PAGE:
I’d like to make a chair whose materials all come from within walking distance of where it is made. We live in West Sonoma County, California, on the Salmon Creek watershed. Ideally, I’d like to find a market within this bio-region as well, including the surrounding watersheds of Tomales Bay and the Russian River for starters.
This leads naturally to the first principle for a deep craft manifesto:
My assumption is that if something is designed to work within the ecosystem that helped bring it into being, that the thing will demonstrate a natural elegance.
I’m approaching this experiment seasonally, trying to match the activities of foraging, harvesting and making with their appropriate time and place on the calendar.
Today is March 21, marking the rare convergence of Good Friday, the vernal equinox, and a full moon rising under clear conditions about an hour after the sun sets. Ideal conditions for an exploratory sunset paddle.
The nearby Estuary is flooded after the winter rains, which means easy access to bulrush (scirpus maritimus) in the shallow, brackish marshes. I’ve been studying the basketry of the Coast Miwok from this region’s past, and have been wanting to experiment with the various marsh grasses, eel grass, thule and kelp for possible use as woven material in my chair. I’ve been in consultation with The Bodega Marine Laboratory, who have assured me that minimal harvesting of these plants is not harmful to the environment, that they are neither endangered nor invasive.
Ene, Bernie and I launched at about 6 PM and paddled West, about halfway to the coast, 3 miles or so, looking for a landing spot with a healthy stand of bulrush and access to a picnic spot to watch the sunset. We bucked a headwind as we steered along the meandering contours of the flooded estuary. The banks were fairly steep, with grazing cattle and deer silhouetted on the barren slopes. We finally found a protected shallow on the northern bank, the Sonoma side, and spun the kayaks around to sail in with the wind.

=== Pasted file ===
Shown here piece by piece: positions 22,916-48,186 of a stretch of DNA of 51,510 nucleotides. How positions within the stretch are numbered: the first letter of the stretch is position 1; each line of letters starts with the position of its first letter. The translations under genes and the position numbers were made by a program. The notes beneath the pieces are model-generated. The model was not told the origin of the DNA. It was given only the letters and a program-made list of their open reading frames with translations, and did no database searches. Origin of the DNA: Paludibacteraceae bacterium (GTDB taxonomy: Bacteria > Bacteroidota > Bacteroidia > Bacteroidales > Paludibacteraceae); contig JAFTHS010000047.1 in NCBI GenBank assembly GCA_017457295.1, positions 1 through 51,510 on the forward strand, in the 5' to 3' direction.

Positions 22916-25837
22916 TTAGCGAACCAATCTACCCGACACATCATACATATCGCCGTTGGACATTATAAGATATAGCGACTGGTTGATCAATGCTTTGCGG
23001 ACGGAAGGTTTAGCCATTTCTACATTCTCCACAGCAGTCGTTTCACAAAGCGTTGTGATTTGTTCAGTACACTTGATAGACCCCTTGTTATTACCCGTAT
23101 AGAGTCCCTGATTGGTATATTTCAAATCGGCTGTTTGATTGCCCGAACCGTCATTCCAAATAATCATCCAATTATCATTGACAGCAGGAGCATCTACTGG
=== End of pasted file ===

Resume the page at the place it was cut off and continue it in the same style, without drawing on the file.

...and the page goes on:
I harvested a small bundle of grass to bring back to the workshop, while Ene and Bernie hiked up the slope to find a good vantage for our meal. I cut the grass as deep as I could reach in several handfuls. It was easy going work and I estimated that I could fill the cockpit in a full day with about four such landings. The grass smelled like a new straw hat and had the remarkable lightness, strength and flexibility I had imagined.
I changed into a dry wool sweater and joined my companions for a feast of boiled eggs from our chickens, olives, dry salami, miner’s lettuce and cheddar cheese, all held together with some crusty bread and a splash of pinot grigio from just up the coast.
We talked and laughed while the sun set, and dined into the twilight until we were chilled enough to want to paddle again. The wind had completely died and we launched the kayaks onto a glassy black mirror, surrounded by peeping frogs and a crispening night cool. Stars were beginning to appear as we got in the rhythm of paddling, reflected in our steady ripples. At the first turn due East we were greeted by a rising moon, flushed pink from the sun’s rays and the soft haze. We paddled in silence, getting lost just enough to make it an adventure in the dark, testing our animal eyes.